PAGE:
Port of Rotterdam Sets Record Throughput in 2015

Image Courtesy: Port of Rotterdam

The Dutch Port of Rotterdam experienced an increase of 4.9% in goods throughput reaching a total of 466.4 million tonnes in 2015, which was mostly driven by a rise in crude oil and oil products throughput.

“Low oil prices result in high margins for the refineries, so they have large quantities of oil shipped in for refining. This not only applies to the refineries in Europe but also to those in Russia. The latter produce a relatively large amount of fuel oil which is shipped to the Far East via Rotterdam. The result is an 8% increase in the throughput of crude oil and an 18% increase in the throughput of oil products,” Allard Castelein, CEO Port of Rotterdam Authority, said.

The port handled 10.9% more liquid bulk than in 2014. Namely, the throughput of crude oil increased by 8.1% to 103.1 million tonnes, driven by low oil prices, while the supply and transport of oil products increased by 18% to 88.5 million tonnes, and the throughput of LNG increased by no less than 91.3%. Other liquid bulk throughput decreased by 0.5% to 30.8 million tonnes.

Furthermore, the port said that containerized cargo volume fell by 0.5% to 12.2 million TEU and by 1.1% to 126.3 million tonnes. A total of 6.2 million TEU was handled in the first half of the year, while the second half saw 6 million TEU.

The volume of transport to Asia increased by 2%, while container transport to Latin and North America fell. Within Europe, transport to the Iberian Peninsula and Great Britain increased.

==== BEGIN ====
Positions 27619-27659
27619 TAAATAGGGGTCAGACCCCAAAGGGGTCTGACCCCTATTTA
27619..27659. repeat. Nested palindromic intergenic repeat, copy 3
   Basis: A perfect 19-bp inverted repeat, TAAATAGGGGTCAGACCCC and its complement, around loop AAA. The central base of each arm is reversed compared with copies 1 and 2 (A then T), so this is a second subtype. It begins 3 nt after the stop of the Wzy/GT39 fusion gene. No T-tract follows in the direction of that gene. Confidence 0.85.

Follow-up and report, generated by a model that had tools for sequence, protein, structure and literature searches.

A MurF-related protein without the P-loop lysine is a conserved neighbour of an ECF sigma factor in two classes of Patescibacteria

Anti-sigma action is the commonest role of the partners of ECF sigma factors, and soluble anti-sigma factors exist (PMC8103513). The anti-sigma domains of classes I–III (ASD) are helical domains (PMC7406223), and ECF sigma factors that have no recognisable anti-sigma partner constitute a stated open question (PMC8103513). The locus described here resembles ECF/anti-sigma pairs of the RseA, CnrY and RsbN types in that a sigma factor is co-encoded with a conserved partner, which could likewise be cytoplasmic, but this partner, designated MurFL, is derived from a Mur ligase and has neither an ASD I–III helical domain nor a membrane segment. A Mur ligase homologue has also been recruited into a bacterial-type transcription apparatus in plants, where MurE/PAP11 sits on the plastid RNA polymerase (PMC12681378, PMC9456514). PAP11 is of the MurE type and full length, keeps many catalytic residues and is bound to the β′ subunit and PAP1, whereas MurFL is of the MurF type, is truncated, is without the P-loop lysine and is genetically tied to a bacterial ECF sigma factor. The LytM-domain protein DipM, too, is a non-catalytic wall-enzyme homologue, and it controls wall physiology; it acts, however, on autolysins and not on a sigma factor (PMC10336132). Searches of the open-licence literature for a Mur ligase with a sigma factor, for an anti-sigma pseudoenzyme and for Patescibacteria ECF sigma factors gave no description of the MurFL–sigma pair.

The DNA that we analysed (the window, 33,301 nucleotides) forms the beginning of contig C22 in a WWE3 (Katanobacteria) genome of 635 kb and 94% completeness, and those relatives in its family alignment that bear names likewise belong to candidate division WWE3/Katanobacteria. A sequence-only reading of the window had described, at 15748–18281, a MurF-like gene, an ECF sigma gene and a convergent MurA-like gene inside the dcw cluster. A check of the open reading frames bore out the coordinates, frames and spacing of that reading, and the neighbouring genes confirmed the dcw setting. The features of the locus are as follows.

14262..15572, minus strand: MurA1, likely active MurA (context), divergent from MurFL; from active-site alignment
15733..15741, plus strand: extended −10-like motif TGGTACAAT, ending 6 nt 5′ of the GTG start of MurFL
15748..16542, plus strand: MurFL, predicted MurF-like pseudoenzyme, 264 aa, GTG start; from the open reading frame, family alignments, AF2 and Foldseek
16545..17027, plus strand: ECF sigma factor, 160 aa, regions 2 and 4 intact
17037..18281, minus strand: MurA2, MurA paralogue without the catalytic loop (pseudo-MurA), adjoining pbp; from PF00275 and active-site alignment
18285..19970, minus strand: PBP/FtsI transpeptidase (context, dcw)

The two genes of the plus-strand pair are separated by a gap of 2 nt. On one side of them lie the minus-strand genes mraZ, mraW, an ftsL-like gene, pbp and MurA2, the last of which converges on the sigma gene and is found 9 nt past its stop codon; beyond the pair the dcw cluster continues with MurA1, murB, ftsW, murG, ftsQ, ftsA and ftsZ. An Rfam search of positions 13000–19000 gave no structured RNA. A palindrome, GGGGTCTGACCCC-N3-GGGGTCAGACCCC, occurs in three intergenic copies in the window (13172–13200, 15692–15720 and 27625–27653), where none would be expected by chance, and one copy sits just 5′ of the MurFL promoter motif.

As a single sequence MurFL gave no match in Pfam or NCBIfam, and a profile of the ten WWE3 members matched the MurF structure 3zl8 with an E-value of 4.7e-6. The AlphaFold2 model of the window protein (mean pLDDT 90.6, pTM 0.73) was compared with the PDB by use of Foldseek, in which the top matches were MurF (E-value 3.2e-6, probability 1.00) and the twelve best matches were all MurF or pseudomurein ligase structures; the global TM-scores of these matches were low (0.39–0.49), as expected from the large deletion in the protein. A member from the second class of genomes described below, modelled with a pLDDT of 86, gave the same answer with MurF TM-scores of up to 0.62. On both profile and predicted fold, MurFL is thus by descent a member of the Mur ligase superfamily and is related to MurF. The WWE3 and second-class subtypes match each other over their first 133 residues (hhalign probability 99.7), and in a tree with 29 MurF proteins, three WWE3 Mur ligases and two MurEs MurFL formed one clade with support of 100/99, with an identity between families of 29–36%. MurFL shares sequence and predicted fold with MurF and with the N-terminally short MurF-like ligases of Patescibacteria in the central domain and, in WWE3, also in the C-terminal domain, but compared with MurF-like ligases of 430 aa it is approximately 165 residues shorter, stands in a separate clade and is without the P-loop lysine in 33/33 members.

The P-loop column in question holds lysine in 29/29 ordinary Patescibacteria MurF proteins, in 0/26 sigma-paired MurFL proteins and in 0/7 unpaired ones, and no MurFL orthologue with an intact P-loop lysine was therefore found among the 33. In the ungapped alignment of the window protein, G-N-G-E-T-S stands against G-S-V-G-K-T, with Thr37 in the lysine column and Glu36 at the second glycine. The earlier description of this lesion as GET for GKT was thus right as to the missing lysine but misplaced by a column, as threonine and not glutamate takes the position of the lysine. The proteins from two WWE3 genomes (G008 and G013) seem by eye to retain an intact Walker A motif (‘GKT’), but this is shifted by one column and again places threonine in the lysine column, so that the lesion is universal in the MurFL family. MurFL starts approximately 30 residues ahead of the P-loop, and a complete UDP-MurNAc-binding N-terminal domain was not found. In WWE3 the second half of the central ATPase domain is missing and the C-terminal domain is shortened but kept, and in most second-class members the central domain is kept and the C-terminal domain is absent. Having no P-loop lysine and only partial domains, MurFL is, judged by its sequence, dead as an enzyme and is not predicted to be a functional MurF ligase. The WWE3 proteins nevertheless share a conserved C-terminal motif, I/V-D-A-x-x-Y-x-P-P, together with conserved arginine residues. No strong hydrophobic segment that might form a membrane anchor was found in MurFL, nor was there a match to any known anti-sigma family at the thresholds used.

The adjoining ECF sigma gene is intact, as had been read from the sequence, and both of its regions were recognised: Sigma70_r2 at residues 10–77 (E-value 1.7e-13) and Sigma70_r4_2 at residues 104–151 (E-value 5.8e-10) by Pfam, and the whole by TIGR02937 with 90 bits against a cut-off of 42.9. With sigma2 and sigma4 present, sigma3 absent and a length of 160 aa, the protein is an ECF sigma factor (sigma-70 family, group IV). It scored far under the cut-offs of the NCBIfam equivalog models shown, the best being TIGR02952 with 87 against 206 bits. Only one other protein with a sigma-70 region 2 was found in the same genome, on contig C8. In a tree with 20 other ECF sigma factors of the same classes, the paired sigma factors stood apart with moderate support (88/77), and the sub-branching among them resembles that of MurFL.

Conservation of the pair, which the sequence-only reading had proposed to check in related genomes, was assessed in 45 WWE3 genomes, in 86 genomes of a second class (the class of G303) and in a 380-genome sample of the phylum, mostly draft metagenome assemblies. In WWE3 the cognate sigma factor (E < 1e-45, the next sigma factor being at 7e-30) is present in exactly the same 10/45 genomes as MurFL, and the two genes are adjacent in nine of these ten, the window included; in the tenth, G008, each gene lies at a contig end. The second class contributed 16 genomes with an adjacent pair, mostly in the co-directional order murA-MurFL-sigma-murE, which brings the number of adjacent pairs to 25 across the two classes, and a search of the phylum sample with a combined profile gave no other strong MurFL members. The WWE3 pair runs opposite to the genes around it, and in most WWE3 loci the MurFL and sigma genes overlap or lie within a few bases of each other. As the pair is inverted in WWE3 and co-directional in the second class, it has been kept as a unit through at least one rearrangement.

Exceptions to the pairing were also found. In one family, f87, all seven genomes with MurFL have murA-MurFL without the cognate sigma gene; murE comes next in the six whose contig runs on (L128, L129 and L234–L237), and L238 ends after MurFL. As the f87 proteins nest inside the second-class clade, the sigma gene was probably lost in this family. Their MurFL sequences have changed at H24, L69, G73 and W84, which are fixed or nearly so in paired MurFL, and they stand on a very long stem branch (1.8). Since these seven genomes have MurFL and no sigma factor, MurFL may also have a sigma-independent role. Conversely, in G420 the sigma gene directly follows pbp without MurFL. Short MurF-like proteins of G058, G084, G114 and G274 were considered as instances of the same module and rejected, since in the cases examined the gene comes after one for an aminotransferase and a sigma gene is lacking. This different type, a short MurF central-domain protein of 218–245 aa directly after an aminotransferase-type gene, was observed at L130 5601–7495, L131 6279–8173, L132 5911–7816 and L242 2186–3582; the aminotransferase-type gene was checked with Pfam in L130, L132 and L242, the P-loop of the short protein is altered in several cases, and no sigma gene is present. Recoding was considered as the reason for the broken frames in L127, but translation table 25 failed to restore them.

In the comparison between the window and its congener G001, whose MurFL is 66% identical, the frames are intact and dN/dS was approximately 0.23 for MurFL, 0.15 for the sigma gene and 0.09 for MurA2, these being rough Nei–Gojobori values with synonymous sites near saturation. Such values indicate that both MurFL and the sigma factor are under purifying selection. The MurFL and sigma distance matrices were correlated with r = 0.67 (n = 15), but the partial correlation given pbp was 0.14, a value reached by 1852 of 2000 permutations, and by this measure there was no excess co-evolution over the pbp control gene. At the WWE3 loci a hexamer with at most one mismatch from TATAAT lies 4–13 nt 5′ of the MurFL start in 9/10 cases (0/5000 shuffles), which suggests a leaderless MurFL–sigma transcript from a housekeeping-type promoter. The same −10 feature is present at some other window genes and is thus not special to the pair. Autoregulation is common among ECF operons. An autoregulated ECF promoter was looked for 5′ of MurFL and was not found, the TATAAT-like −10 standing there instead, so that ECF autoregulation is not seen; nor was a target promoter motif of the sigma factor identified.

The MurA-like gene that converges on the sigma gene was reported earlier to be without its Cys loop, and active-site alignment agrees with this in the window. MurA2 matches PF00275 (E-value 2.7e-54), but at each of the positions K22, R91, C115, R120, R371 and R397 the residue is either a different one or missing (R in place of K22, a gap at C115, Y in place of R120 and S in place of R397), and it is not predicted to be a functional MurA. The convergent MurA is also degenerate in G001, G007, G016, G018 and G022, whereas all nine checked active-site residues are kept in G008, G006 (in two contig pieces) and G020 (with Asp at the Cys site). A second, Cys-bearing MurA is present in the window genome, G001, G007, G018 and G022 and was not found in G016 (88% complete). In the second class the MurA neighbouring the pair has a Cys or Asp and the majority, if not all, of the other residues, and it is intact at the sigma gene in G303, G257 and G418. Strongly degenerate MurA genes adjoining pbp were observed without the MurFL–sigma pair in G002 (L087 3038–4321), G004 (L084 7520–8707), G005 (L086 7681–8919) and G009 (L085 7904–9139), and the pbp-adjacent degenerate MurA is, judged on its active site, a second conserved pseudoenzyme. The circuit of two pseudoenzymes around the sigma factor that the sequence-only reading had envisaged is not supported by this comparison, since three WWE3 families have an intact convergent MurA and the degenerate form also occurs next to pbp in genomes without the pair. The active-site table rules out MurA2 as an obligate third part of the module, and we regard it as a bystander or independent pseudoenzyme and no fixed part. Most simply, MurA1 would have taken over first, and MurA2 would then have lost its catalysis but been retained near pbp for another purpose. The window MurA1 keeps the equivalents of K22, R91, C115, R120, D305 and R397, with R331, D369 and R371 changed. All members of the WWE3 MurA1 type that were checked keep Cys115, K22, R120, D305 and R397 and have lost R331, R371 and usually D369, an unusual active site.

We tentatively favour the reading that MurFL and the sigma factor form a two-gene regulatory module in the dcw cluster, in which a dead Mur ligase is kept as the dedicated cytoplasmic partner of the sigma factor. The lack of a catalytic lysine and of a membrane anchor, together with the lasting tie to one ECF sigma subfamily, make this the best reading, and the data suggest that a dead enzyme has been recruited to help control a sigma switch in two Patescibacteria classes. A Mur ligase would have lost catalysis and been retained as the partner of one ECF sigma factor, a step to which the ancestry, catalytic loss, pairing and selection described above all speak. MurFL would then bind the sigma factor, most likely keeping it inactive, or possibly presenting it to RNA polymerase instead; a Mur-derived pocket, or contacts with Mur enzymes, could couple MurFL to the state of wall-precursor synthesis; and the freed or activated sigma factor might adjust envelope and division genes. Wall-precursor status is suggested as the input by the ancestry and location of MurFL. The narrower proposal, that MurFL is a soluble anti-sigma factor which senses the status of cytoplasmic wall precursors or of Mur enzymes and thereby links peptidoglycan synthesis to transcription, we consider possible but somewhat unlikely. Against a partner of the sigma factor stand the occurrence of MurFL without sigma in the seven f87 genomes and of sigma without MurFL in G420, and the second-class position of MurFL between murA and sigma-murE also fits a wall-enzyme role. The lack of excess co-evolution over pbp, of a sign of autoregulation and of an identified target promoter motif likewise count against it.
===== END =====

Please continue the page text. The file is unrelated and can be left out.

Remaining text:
The British economy also played an important role in attracting roll on roll off (Ro/Ro) traffic over the North Sea. An additional factor was that transportation via Calais suffered from strikes, refugee problems and failures in the tunnel under the English Channel.

Ro/Ro traffic increased by 10.1% to 22 million tonnes. Other break bulk decreased by 5.5% to 5.7 million tonnes. The main reason was the one-time flow of incoming container cranes in 2014. Together, throughput of Ro/Ro and other break bulk shipping segments increased by 6.5%.

In the category of dry bulk, the throughput of ores and scrap fell by 0.6% to 33.9 million tonnes. The throughput of coal increased by 1% to 30.7 million tonnes. Good harvests provided lower imports of mostly oil seeds and fodder, as a result of which agricultural bulk fell by 3.8% to 10.8 million tonnes. The amount of other dry bulk decreased by 3.9% to 12.3 million tonnes as fewer nutrients and minerals were imported. All in all, the handling of dry bulk decreased by 1%.

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